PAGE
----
Disruption of dopamine homeostasis underlies selective neurodegeneration mediated by ,-synuclein

Soon S. Park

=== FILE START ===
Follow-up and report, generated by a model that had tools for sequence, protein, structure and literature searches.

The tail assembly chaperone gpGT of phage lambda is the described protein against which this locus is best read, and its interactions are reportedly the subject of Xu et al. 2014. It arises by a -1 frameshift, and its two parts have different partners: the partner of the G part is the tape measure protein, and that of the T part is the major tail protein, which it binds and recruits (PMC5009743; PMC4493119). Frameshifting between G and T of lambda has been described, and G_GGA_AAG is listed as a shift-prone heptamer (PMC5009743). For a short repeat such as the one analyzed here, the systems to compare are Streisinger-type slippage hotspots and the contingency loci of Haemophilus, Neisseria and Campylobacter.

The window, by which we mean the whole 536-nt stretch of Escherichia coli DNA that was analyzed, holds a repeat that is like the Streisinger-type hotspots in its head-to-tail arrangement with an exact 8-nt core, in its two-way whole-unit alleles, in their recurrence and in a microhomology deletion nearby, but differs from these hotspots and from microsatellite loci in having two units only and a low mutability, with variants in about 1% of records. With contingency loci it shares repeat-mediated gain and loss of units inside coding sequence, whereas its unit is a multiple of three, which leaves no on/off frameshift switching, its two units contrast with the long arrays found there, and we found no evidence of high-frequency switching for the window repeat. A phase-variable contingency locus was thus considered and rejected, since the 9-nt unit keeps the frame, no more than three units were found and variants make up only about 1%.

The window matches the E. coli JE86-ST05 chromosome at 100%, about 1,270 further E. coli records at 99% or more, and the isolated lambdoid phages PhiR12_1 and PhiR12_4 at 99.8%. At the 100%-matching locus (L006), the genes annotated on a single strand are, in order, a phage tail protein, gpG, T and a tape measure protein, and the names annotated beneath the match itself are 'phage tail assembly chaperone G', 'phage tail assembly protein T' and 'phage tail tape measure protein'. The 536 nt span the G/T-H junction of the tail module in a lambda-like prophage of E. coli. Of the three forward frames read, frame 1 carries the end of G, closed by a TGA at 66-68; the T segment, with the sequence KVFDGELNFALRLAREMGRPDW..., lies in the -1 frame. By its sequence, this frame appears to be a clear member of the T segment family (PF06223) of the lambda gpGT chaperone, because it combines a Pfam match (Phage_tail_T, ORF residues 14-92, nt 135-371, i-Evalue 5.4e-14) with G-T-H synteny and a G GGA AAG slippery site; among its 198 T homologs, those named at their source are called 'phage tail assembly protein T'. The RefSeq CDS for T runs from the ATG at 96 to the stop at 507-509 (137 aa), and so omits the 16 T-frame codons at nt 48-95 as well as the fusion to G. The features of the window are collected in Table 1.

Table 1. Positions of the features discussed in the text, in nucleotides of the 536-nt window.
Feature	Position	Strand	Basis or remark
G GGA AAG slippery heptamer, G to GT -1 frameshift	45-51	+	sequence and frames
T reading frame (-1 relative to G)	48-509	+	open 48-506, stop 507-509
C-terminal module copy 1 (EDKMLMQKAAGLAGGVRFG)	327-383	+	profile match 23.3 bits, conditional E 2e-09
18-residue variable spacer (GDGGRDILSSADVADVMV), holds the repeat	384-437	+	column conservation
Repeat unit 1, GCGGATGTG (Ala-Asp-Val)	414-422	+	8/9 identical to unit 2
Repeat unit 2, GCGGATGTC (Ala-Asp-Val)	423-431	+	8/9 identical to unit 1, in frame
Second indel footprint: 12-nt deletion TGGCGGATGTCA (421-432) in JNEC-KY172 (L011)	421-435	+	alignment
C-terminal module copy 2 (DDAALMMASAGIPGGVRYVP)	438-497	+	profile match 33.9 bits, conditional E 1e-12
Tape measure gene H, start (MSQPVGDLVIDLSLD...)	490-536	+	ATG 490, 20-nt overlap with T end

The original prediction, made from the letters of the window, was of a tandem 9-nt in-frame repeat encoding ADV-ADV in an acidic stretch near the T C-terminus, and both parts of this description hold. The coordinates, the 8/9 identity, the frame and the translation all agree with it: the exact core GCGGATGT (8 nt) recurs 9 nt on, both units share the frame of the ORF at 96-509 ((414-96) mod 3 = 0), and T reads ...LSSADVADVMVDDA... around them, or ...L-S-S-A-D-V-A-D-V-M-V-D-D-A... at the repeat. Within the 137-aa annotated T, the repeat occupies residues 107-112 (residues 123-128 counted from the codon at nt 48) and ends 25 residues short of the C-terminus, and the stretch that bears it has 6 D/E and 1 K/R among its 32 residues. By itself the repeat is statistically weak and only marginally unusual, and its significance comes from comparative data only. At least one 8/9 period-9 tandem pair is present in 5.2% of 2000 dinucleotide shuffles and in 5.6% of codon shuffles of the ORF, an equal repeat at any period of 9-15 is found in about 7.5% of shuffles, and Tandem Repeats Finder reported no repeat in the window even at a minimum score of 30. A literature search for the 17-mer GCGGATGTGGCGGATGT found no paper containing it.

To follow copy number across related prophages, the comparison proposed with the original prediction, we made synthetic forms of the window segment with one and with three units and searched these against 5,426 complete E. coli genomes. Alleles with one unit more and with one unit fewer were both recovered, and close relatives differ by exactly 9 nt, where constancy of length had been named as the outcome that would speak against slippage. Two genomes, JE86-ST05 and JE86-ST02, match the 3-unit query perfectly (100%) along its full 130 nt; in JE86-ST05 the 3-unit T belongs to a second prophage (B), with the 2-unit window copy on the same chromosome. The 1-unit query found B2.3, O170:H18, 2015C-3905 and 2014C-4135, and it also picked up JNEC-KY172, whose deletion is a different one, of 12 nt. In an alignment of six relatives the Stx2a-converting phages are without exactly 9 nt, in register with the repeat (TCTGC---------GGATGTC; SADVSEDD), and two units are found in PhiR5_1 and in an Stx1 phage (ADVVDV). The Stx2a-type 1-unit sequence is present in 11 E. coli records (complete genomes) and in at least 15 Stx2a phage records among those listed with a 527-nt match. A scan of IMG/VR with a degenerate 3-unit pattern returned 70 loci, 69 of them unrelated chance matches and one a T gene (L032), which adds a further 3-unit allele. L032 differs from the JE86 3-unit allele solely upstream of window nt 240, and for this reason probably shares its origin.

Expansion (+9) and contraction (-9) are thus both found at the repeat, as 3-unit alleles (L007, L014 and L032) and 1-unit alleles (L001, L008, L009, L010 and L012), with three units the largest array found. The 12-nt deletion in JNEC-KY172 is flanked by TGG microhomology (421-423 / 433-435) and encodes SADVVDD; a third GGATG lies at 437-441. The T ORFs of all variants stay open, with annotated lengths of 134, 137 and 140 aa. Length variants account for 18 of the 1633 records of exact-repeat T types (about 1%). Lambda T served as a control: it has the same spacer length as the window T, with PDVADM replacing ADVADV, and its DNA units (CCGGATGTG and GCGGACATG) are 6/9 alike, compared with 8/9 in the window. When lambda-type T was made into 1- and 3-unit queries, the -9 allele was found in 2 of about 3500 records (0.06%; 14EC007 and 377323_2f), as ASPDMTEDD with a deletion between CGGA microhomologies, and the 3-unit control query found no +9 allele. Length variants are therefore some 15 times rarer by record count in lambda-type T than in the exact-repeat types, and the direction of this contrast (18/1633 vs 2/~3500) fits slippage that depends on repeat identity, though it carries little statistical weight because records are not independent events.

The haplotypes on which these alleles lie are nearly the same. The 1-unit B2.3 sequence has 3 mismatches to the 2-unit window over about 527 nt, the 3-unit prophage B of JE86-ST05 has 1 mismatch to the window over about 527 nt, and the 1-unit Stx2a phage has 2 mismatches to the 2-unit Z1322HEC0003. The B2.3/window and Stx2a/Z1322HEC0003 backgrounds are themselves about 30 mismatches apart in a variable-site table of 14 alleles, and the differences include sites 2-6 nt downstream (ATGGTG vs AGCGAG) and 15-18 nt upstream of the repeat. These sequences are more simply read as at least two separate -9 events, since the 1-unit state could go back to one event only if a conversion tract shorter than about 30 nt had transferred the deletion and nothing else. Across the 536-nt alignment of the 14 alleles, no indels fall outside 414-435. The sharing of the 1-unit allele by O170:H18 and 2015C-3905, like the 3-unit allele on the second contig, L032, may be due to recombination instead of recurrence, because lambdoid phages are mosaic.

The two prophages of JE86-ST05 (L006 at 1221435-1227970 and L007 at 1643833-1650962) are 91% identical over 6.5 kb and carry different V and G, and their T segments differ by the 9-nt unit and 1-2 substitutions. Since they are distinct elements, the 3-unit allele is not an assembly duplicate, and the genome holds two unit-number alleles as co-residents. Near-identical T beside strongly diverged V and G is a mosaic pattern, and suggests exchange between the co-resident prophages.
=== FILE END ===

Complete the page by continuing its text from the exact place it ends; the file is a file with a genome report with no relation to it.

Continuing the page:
Abstract A key challenge in Parkinson's disease research is to understand mechanisms underlying selective degeneration of dopaminergic neurons mediated by genetic factors such as ,-synuclein (,-Syn). The present study examined whether dopamine (DA)-dependent oxidative stress underlies ,-Syn-mediated neurodegeneration using Drosophila primary neuronal cultures. Green fluorescent protein (GFP) was used to identify live dopaminergic neurons in primary cultures prepared on a marked photoetched coverslip, which allowed us to repeatedly access preidentified dopaminergic neurons at different time points in a non-invasive manner. This live tracking of GFP-marked dopaminergic neurons revealed age-dependent neurodegeneration mediated by a mutant human ,-Syn (A30P). Degeneration was rescued when ,-Syn neuronal cultures were incubated with 1 mm glutathione from Day 3 after culturing. Furthermore, depletion of cytoplasmic DA by 100 µm,-methyl- p -tyrosine completely rescued the early stage of ,-Syn-mediated dopaminergic cell loss, demonstrating that DA plays a major role in oxidative stress-dependent neurodegeneration mediated by ,-Syn. In contrast, overexpression of a Drosophila tyrosine hydroxylase gene (dTH1) alone caused DA neurodegeneration by enhanced DA synthesis in the cytoplasm. Age-dependent dopaminergic cell loss was comparable in ,-Syn vs dTH1-overexpressed neuronal cultures, indicating that increased DA levels in the cytoplasm is a critical change downstream of mutant ,-Syn function. Finally, overexpression of a Drosophila vesicular monoamine transporter rescued ,-Syn-mediated neurodegeneration through enhanced sequestration of cytoplasmic DA into synaptic vesicles, further indicating that a main cause of selective neurodegeneration is ,-Syn-induced disruption of DA homeostasis. All of these results demonstrate that elevated cytoplasmic DA is a main factor underlying the early stage of ,-Syn-mediated neurodegeneration. [source]